Illinois election officials are raising concerns over pulling off the November election, given the challenges posed by the COVID-19 pandemic.
Among those concerns is the ability to find enough younger, able-bodied poll workers. According to data from the U.S. Election Assistance Commission, 58% of poll workers in the 2018 general election were over age 60.
U.S. Rep. Rodney Davis, a Republican from Taylorville, said that poses safety concerns.
“We know the average age of 65 and above puts many of our current poll workers in the most vulnerable population for COVID-19. The nation right now is seeing a drastic drop in those willing to serve on Election Day,” Davis said.
That’s a problem, Davis said, because many Americans still prefer to vote in-person, despite vote-by-mail efforts implemented in Illinois this year.
Davis said one solution is to offer student loan reimbursement to those who volunteer at a local polling place. Davis introduced the Emergency Assistance for Safe Elections (EASE) Act, a Republican counter plan to the House Democrats' HEROES Act.
Included in the bill is $100 million for student loan reimbursement and recruitment efforts.
“We need to incentivize young people to get engaged. Obviously, civic duty is not enough for us to fulfill our need for poll workers, especially during a pandemic,” he said. “What I don’t want are forced polling place closures.”
Staffing isn’t the only challenge local election officials are facing. Sangamon County Clerk Don Gray said the vote-by-mail application mandate is running up costs on paper and postage for an office that already operates on thin margins.
Greene County Clerk Debbie Banghart said a positive COVID-19 test in her office means everyone’s working remotely, which could interfere with facilitating voting.
“We’re doing as much work as we can behind the scenes. My question is: what happens if we continue on this uptick … and the health department closes our entire office down, how are we going to do early voting—or anything, for that matter? We’ve got a lot of stuff ready, but we’ve still got a lot of preparation to do for this election. Right now, I’m not even allowed to step foot in my office.”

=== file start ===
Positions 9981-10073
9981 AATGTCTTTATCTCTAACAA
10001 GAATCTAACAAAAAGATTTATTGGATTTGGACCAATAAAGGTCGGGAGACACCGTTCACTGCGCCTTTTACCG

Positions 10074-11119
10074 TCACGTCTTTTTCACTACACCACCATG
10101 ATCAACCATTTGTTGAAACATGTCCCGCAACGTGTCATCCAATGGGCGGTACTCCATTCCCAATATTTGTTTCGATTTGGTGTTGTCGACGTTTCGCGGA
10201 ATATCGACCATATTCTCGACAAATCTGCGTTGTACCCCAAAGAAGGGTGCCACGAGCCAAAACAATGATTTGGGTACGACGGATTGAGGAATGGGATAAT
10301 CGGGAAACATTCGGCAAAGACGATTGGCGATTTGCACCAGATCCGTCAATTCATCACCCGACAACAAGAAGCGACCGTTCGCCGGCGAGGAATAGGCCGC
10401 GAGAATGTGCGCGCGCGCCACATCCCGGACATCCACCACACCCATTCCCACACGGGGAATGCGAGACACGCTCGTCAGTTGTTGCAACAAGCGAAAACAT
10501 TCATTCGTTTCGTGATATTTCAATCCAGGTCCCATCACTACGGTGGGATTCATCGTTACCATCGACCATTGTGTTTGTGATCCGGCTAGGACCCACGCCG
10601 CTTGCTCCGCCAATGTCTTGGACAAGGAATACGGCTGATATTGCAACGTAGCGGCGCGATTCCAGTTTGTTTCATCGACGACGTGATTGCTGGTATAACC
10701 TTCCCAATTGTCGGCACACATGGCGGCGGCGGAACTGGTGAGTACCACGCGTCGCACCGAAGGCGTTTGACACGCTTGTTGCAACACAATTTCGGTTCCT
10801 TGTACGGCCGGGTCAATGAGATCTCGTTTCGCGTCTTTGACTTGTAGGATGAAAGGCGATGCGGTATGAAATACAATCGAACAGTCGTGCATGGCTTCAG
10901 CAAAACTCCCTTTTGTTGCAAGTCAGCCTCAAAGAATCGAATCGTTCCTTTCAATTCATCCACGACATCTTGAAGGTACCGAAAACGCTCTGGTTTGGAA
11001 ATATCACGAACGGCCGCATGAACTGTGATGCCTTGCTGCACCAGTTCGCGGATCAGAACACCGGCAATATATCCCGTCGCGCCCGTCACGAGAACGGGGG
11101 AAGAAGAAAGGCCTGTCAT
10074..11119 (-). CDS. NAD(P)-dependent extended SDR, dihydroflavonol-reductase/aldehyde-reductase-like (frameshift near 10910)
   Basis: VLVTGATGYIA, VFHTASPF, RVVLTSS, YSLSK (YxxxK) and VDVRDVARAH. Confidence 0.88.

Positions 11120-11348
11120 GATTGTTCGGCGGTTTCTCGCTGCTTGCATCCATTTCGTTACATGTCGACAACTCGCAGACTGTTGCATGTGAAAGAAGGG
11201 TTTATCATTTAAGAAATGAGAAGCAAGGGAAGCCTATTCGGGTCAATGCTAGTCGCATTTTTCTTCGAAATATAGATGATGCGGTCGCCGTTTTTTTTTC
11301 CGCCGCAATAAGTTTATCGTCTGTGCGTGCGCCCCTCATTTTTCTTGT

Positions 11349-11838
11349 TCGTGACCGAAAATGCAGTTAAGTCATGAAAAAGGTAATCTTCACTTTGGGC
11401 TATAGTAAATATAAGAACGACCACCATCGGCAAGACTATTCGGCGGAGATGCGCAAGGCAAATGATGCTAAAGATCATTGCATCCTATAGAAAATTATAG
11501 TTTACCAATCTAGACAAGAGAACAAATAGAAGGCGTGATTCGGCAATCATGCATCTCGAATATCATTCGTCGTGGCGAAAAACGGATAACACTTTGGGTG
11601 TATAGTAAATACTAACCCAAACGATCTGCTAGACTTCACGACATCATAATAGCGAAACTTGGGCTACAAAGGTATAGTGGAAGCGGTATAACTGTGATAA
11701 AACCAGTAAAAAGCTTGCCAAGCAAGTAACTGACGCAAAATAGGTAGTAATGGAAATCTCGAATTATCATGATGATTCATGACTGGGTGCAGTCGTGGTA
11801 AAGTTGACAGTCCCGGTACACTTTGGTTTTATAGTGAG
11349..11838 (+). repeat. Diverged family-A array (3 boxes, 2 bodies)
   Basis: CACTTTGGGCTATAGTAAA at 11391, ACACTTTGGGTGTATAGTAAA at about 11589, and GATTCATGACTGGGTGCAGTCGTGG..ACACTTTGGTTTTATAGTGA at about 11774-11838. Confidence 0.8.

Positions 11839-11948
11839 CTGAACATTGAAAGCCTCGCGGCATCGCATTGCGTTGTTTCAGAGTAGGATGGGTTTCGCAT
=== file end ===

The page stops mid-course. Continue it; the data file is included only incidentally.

There also are concerns that vote-by-mail applications and ballots could overwhelm local election offices—as well as the U.S. Postal Service (USPS).
Matt Dietrich, public information officer with the Illinois State Board of Elections, said the best way to prevent that from happening is for voters to act quickly.
“[We’re] emphatically, practically begging voters: If you have any inkling that you’re going to vote by mail, if you are in any way inclined to voting by mail, get that application in now. When you get that ballot back, vote it as quickly as you can.”
Dietrich cited a letter penned by the general counsel of the USPS, encouraging voters to get their ballots in the mail at least two weeks before the election.
Regardless of the method, Dietrich said, the board really wants to encourage voters to plan ahead.
“If you really, really want to vote in person—which is important to a lot of people—think about voting early, as early as you possibly can, at an off-peak time when you’re less likely to face congestion at an early voting site,” Dietrich said.
With less than three months until Nov. 3, he said, it will be up to both voters and election commissioners to help the process run smoothly.
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